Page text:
Muhammad Ali: The Greatest
Muhammad Ali is one of the most iconic figures of 20th century. He was the Boxing heavyweight world champion for long. In this blog I do not want to talk about his Boxing but how he was prepared to risk everything for what he believed in and why he is an inspiration for me and also why democratic America remains an attractive destination for people.
Muhammad Ali heard his Conscience
Ali, former name Cassius Clay, had won the Olympic Gold medal in 1960 and become the world champion in 1964. He adopted Islam because he resented the disparity existing in the Christian society in his hometown in America in the early 1960s. In 1967 he was sentenced to jail and lost his status as the world champion for his refusal to fight the Vietnam War.
This is what Ali had to say, “My conscience won’t let me go shoot my brother, or some darker people or some poor, hungry people in the mud, for big, powerful America. And shoot them for what? They never called me nigger. They never lynched me. They didn’t put no dogs on me. They didn’t rob me of my nationality, and rape and kill my mother and father. Why would I want to—shoot them for what? I got to go shoot them, those little poor little black people, little babies and children, women; how can I shoot them poor people? Just take me to jail”.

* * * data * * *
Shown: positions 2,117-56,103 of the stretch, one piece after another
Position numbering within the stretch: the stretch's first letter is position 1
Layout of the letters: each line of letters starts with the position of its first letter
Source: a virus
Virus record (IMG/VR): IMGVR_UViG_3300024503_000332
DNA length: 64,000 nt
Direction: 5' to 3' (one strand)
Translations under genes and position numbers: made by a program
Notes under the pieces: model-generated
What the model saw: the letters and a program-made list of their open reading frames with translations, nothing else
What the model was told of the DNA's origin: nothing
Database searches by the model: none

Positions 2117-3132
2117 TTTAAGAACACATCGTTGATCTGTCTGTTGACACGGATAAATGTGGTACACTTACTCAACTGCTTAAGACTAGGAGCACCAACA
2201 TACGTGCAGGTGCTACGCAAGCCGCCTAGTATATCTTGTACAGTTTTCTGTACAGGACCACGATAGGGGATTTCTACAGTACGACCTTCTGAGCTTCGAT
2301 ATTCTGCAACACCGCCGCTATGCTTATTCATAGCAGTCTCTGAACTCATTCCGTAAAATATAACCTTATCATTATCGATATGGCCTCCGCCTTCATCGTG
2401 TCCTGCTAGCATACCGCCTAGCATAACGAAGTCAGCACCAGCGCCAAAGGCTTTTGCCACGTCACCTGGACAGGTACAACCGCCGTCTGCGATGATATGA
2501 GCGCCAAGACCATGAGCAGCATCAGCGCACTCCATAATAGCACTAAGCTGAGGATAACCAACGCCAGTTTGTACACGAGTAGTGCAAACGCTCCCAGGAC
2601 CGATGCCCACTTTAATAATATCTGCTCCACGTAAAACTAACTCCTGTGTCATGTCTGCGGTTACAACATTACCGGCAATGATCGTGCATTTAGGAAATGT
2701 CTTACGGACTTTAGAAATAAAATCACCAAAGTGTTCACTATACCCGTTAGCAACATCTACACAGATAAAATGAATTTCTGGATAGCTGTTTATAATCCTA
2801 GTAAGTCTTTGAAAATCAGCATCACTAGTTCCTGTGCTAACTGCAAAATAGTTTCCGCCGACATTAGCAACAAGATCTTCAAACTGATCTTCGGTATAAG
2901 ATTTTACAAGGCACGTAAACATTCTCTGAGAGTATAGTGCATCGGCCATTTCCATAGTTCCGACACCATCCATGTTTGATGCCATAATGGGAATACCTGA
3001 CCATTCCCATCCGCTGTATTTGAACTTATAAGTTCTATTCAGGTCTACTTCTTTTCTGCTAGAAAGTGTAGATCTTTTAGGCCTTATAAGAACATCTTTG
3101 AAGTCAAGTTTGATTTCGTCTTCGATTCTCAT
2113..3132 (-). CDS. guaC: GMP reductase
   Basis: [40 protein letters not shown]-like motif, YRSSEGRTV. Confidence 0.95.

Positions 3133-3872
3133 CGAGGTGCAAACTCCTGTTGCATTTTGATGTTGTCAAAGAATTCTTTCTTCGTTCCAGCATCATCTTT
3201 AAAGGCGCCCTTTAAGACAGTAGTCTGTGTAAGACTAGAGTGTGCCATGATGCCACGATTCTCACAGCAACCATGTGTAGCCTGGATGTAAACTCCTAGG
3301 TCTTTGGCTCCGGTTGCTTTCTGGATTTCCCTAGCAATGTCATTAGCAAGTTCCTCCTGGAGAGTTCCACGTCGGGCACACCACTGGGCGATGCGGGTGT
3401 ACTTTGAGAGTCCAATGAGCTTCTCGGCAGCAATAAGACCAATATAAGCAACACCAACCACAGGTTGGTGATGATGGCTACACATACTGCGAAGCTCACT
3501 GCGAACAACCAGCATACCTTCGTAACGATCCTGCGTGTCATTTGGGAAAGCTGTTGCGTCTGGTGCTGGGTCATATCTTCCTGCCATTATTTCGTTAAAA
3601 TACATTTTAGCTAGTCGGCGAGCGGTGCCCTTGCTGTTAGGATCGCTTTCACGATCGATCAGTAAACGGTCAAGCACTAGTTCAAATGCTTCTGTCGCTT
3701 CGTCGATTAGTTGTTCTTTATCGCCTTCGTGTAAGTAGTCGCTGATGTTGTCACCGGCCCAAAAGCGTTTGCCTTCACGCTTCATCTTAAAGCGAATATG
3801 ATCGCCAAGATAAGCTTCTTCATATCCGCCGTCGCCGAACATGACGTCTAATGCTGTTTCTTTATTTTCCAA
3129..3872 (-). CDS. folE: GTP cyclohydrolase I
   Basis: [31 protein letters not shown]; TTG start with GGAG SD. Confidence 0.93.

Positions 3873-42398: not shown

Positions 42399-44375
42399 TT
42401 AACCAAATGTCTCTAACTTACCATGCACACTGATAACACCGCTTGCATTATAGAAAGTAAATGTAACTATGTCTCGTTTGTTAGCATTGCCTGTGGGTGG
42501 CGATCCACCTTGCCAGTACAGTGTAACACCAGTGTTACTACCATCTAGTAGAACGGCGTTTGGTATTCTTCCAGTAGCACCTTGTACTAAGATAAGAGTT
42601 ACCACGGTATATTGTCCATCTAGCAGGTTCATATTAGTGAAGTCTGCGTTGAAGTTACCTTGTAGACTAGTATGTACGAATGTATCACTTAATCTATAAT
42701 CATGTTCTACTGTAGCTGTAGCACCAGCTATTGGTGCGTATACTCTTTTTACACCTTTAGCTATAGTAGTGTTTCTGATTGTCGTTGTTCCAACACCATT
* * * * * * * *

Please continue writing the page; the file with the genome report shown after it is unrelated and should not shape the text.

He did not go to prison, but was forced to wait for four years before regaining his Boxing license. In 1974 he regained the world championship.
Before his fight in Zaire, this is what he said, “Yeah, I’m in Africa. Yeah, Africa is my home. Damn America and what America thinks. Yeah, I live in America, but Africa is the home of the black man, and I was a slave 400 years ago, and I’m going back home to fight among my brothers”.
During a visit to two Palestinian refugee camps in Southern Lebanon, Ali said, “In my name and the name of all Muslims in America, I declare support for the Palestinian struggle to liberate their homeland and oust the Zionist invaders.” His words were totally against the policies of the American government.
In 1990, Muhammad Ali travelled to Baghdad and met with Saddam Hussein against the wishes of the U.S. government. During the trip, he secured the release of 15 Americans being held by the Iraqi government.
Why US despite Flaws Deserves Respect
Muhammad Ali was given the honour to light the flame at the 1996 Atlanta Olympic Games.
After his death in 2016 two banners flanked his funeral service: The American flag and the Olympic flag.
And yes no one in America called Muhammad Ali anti-national.